Senior functionaries of Sony Entertainment Television, the general entertainment channel, are ecstatic. No less than 5.6 per cent of homes with cable and satellite television watched dance reality show Jhalak Dikhhla Jaa on day one.
This was head and shoulders above Kaun Banega Crorepati, anchored by Amitabh Bachchan, which opened with a viewership of 4 per cent on the channel, while Shah Rukh Khan's Zor Ka Jhatka on NDTV Imagine managed just 2.6 per cent viewership, ribald jokes notwithstanding.
The functionaries put down the success of Jhalak Dikhhla Jaa to its host, Madhuri Dixit, Bollywood's reigning heroine of the 1990s. What makes them happier is that the channel paid Dixit a fraction of what it paid Bachchan and still managed higher viewership.
For years, there has been an unwritten rule in showbiz that married actresses, especially those with children, don't sell. Dixit, now in her 40s, married a US-based doctor some years ago and bid adieu to the entertainment industry -- but the industry does not seem ready to let go of her so easily. She made her first comeback in 2007 with Yash Raj production Aaja Nachle, which did average business.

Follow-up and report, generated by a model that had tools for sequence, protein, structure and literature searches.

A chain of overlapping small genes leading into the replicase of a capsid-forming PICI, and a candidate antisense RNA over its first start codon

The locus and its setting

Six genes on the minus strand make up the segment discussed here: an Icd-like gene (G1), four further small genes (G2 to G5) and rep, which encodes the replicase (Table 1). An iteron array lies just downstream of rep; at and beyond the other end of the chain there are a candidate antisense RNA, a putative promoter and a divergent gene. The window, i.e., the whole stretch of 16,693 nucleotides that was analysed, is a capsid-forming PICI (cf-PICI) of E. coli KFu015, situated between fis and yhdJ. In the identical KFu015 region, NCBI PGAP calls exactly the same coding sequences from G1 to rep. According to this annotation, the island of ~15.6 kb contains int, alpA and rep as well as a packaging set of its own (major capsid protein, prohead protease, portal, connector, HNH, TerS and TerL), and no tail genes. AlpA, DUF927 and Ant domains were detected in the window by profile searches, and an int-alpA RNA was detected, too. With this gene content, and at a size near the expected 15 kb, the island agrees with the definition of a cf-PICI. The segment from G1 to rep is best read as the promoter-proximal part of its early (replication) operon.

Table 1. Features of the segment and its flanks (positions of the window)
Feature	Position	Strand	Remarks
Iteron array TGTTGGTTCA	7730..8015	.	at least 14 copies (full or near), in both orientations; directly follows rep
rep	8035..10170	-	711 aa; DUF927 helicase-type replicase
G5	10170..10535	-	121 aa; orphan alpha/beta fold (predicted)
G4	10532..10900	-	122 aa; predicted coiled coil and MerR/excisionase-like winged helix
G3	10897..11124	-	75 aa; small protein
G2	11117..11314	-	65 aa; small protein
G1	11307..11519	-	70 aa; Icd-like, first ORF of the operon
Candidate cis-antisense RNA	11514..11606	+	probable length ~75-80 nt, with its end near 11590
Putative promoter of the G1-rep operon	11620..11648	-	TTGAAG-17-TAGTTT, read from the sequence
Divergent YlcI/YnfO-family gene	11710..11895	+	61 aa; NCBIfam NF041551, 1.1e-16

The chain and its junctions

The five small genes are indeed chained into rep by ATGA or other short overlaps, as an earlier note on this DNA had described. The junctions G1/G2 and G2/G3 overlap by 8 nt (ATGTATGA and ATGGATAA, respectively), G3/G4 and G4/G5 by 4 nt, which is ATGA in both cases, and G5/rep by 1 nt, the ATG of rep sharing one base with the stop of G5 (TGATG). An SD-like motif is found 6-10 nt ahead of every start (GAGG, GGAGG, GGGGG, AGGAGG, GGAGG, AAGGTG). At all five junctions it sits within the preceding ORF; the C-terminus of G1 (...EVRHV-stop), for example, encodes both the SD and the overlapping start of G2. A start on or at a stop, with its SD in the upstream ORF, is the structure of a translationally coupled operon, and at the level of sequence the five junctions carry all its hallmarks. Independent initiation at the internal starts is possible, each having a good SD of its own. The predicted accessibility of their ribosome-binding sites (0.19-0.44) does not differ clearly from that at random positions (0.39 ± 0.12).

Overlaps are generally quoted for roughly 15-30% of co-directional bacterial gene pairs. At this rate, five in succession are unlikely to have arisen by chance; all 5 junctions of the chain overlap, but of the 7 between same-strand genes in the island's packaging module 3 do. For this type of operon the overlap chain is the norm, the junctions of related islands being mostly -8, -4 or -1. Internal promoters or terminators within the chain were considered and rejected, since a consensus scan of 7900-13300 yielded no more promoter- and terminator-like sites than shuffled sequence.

In her third coming, Dixit is in demand with filmmakers, TV shows and marketers. "I am glad people still think of me so highly and are willing to work with me," she says.
Hindustan Unilever has signed her for its fabric care brand, Comfort, while Bush Foods has signed her as a global ambassador for its basmati rice, Neesa. She is also the brand ambassador for chef Sanjeev Kapoor's channel, Food Food, a joint-venture between Malaysia-based Astro All Asia Network and Kapoor's Turmeric Vision.
Her business manager, Rakesh Nath, says Dixit still commands a lot of respect in the entertainment industry. "I had a great time doing Jhalak and as far as films are concerned, I have read a lot of scripts but nothing is finalised," says the Denver-based actress.
"What matters to me is the subject and my role," she adds.
But it's an open secret that Dixit has refused a sought-after film with superstar Rajnikanth and also said no to other plum projects.
But what is it about Dixit that has producers and marketers queuing up, almost eight years after she called it quits (her last big release was Devdas in 2002)? "She was the last female superstar Bollywood saw and still has that aura around her," says adman Prasoon Joshi.
Nobody divulges how much Dixit commands for endorsements but it is estimated to be more than what other married or 'senior' actresses receive. She might not be signing films left, right and centre or appearing on magazine covers by the dozen, but she remains as popular as ever.